Banks are allowed to hold bonds in three baskets. First, they can hold the bonds until they mature, accounting for interest earned in any given period as income and never recognising any capital gains or losses that might result from movements in interest rates in the financial markets.

This basket is called Held to Maturity (HTM). Second, there are bonds that banks buy to speculate in the financial markets in order to take advantage of movements in currencies, inflation and interest rates.

Any unrealised gain or loss is accounted for in the balance sheet and thus has the effect of reducing the shareholders’ funds in the case of a loss or increase if a gain is made.

This basket is called Available for Sale (AFS). The third basket is where banks hold the bonds for purposes of trading them for a gain. Any loss or gain is accounted for through the profit and loss account. This basket is called Held for Trading (HFT).

There are stringent rules on how the banks move a bond from one basket to another. A bank cannot sell a bond held in the HTM basket before it matures.

If it does, then the basked is “tainted” and the bank would have to sell all the bonds in that basket. And if the bank decides to move bonds from either the AFS or the HFT market at a time when interest rates are rising and bond valuations are falling, the bank is compelled to sell the bonds at market prices and buy them back according to the market prices

In 2011, when interest rates rose sharply, the commercial banks, which were holding billions of shillings in bonds in the HFT basket, should have declared their reduced value in their profit and loss accounts.

But instead, they circumvented this by using the “sell-buyback” tool (where a bank sells its bond and later buys it back).

They turned to other banks and highly-liquid institutions, such as parastatals, to sell the bonds at the rates at which they had bought them in 2010, with the promise to later buy them at slightly lower rates as an incentive for the other parties to take up the bonds.

So, for example, if bank “A” was holding a bond that it had bought at an interest rate of nine per cent, and the market rates had gone up to 15 per cent, it sold to bank “B” at the same nine per cent.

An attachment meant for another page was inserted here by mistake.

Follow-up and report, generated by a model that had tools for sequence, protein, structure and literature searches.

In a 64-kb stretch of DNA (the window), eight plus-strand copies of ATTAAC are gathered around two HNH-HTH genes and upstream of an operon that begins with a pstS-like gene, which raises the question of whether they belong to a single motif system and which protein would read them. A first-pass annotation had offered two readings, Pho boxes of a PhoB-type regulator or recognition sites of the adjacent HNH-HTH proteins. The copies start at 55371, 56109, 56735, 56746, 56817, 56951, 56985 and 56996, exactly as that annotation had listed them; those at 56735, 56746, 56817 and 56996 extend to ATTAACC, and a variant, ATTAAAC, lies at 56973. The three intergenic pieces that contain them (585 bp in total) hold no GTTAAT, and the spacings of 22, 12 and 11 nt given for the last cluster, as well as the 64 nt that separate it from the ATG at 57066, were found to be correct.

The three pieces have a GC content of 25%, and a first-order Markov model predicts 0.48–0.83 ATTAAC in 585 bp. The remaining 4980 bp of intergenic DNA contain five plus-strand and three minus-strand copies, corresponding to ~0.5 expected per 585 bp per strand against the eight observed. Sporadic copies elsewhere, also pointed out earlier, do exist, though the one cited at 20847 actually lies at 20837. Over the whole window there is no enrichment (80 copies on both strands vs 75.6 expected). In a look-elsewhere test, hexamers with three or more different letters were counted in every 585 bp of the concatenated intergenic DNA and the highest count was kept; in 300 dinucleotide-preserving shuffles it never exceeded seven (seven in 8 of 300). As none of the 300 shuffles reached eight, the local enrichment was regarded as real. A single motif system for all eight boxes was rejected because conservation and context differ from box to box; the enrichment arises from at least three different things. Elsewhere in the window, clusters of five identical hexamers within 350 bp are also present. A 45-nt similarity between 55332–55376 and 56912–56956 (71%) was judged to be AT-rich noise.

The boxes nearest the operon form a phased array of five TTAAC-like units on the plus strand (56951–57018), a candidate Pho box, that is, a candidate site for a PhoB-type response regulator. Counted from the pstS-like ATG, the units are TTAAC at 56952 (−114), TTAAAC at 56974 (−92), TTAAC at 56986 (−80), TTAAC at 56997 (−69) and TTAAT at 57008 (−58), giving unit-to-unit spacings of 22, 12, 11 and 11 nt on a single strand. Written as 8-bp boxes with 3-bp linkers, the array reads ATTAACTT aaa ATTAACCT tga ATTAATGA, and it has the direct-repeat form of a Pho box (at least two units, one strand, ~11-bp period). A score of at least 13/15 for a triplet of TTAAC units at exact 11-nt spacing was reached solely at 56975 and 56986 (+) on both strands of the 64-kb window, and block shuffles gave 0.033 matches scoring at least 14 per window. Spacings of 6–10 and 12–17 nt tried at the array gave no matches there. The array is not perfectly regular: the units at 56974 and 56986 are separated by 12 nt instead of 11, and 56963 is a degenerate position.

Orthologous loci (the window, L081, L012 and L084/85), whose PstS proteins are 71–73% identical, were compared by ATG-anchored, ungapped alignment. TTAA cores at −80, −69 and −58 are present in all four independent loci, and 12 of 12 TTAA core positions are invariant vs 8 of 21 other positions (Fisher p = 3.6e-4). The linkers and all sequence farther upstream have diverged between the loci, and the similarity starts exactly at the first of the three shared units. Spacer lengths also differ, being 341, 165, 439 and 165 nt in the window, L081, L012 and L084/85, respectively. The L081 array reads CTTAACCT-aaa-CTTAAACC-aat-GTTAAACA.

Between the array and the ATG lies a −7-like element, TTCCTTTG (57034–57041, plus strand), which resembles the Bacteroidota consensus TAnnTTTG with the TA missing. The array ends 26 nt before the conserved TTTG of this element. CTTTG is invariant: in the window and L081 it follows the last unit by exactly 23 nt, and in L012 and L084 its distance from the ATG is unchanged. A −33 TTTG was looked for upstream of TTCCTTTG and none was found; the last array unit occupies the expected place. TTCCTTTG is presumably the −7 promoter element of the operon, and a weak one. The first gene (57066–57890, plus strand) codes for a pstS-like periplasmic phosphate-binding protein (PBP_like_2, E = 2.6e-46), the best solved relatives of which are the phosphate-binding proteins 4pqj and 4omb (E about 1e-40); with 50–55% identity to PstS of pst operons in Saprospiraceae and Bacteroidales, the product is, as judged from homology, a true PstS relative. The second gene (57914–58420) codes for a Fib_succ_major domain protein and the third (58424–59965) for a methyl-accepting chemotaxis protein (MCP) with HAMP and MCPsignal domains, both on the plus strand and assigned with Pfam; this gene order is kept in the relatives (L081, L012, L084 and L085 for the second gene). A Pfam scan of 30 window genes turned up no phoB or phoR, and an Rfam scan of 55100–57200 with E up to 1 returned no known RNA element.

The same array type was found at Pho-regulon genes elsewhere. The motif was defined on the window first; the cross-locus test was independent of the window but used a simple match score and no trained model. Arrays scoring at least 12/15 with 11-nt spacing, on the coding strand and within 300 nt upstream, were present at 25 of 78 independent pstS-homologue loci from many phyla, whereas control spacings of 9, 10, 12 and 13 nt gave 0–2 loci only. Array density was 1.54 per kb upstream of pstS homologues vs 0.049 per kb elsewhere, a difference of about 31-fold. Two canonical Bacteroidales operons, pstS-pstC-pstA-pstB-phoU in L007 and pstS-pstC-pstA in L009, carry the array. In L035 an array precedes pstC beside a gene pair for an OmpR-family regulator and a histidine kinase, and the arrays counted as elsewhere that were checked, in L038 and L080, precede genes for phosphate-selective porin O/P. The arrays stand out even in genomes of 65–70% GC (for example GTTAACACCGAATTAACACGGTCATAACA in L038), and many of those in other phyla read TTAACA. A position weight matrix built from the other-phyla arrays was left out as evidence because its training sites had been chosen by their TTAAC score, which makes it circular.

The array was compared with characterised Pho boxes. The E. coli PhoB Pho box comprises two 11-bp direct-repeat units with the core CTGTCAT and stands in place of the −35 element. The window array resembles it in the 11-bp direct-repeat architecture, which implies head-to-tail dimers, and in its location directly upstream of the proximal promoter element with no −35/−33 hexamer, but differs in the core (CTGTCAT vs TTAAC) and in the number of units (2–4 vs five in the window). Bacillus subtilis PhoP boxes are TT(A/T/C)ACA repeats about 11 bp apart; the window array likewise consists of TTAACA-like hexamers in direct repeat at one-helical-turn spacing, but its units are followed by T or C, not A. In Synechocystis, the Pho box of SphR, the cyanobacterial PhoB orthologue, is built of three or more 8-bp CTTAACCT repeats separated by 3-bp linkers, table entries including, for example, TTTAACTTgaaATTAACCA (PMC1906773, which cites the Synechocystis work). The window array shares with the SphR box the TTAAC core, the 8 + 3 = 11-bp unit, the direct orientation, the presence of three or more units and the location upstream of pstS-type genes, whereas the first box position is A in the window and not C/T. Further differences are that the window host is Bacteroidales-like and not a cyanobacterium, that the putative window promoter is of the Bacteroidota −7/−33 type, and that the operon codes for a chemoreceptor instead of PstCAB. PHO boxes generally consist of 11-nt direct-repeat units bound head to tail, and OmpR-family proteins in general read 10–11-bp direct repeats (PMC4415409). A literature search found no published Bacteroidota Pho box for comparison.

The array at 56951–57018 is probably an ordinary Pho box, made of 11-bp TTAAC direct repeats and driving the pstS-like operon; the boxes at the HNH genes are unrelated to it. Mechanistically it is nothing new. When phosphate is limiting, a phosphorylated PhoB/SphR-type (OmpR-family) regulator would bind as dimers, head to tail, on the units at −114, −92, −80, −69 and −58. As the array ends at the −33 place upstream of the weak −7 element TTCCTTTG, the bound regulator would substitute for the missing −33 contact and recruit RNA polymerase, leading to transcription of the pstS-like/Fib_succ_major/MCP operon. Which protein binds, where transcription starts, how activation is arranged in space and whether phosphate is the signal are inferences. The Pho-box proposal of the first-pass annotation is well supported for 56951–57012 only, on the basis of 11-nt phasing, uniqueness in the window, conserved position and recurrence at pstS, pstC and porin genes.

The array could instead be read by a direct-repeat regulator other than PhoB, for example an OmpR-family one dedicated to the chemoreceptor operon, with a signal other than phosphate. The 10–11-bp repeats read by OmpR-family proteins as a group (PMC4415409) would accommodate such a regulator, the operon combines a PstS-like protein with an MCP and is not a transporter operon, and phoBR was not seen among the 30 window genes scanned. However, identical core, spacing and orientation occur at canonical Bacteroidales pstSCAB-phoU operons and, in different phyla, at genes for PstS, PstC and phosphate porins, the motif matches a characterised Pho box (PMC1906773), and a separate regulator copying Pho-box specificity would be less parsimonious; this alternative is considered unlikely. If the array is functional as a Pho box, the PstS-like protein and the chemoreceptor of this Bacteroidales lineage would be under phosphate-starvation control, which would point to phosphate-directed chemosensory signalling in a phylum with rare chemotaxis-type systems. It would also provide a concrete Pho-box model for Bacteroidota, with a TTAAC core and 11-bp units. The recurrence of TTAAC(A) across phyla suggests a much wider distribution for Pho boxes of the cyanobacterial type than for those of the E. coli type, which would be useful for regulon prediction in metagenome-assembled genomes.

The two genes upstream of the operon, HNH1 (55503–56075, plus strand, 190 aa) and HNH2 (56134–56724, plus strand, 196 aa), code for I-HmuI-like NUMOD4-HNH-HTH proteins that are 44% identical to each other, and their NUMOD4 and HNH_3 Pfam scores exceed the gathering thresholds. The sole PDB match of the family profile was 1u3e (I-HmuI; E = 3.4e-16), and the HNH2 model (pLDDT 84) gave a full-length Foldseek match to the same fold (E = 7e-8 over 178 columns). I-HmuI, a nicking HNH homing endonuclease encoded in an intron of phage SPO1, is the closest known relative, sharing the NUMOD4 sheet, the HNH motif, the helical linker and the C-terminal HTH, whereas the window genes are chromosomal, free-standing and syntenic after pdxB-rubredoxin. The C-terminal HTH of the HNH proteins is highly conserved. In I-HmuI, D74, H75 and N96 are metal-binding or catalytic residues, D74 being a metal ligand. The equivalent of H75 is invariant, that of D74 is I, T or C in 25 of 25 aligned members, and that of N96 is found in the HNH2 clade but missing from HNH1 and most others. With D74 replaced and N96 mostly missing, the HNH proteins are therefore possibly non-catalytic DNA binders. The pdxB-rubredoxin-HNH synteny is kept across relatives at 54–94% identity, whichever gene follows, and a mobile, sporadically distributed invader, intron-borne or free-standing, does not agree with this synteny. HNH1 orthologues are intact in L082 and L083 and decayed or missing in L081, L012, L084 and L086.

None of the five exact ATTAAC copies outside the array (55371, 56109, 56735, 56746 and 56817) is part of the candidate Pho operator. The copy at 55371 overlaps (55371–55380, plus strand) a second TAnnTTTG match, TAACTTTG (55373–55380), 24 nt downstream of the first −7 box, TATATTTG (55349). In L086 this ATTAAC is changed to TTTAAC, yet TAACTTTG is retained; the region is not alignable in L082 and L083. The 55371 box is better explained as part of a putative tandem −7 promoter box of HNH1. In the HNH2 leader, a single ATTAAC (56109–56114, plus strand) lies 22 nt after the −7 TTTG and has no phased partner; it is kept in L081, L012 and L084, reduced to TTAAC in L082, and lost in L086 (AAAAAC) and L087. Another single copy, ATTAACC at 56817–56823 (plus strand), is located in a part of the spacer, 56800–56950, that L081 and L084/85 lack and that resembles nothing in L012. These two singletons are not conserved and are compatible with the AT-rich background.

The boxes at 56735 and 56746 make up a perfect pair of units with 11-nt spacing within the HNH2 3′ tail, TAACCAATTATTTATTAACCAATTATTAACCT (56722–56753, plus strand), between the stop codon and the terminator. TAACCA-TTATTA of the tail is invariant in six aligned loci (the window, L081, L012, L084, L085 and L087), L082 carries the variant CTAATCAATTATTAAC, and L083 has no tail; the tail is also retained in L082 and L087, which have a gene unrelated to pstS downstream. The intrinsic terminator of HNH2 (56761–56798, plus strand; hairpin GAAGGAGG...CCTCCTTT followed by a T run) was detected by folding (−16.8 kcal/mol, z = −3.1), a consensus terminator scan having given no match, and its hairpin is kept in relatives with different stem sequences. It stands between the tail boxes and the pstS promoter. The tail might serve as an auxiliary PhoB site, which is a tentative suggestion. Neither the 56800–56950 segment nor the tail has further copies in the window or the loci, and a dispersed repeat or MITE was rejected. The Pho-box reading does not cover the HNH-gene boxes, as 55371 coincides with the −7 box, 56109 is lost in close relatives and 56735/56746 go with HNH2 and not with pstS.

After a short while, bank “A” would buy back the bond at 8.5 per cent. Since the rate had been artificially brought down, bank “B” booked a profit of 0.5 percentage point. Bank “A” then moved the bond, previously in the Hold For Trade basket to the Available for Sale or Held to Maturity basket.

During this transaction the investment bank selected to handle the deal would collect trading commissions twice.

A circular by the Institute of Certified Public Accountants (ICPAK), the custodian of accounting standards seeks to explain how banks can move bonds across the baskets, under the International Financial Reporting Standards.

Data on the trading of bonds, especially in periods close to June and December, when banks report their half-year and full year results, reveal trends of an abnormal market.

On December 22, for example, a Ksh150 million ($1.79 million) 12-year bond issued in 2009 (IFB1/2009/012) traded at 6.54 per cent, only for another similar bond to trade 30 minutes later at a more market-reflective rate of 15.90 per cent.

“Someone would have to be willing to take the big loss permanently for the trade to be deemed a normal trade,” said a fund manager who did not wish to be named.

If the trade was to happen at 15.9 per cent the seller of the bond would have to report a Ksh14 million ($166,667) loss from the trade attributable to the 9.36 percentage margin. If the trade was to be genuine, the buyer is incurring an opportunity loss of a similar margin.

However the buyer is sure that the buyer will come back for his bond at a lower rate allowing him to earn a return.

A week later, on December 29, a Ksh150 million ($1.78 million) trade of a similar bond (IFB1/2009/012) was traded at 5.05 per cent.

Assuming it’s the same parties (the data which had the names of participating parties deleted) then the initial buyer who is now selling is making an estimated Ksh2.2 million ($26,190) in a week — attributable to the 1.49 percentage margin between his buying and selling price.

On December 16, Ksh660 million ($7.86 million) of a 15-year bond were traded at 6.95 per cent, below the yield curve rate of 13.37 per cent. Such trades resulted in the distortion of the yield curve which should have raised a red flag to market regulators.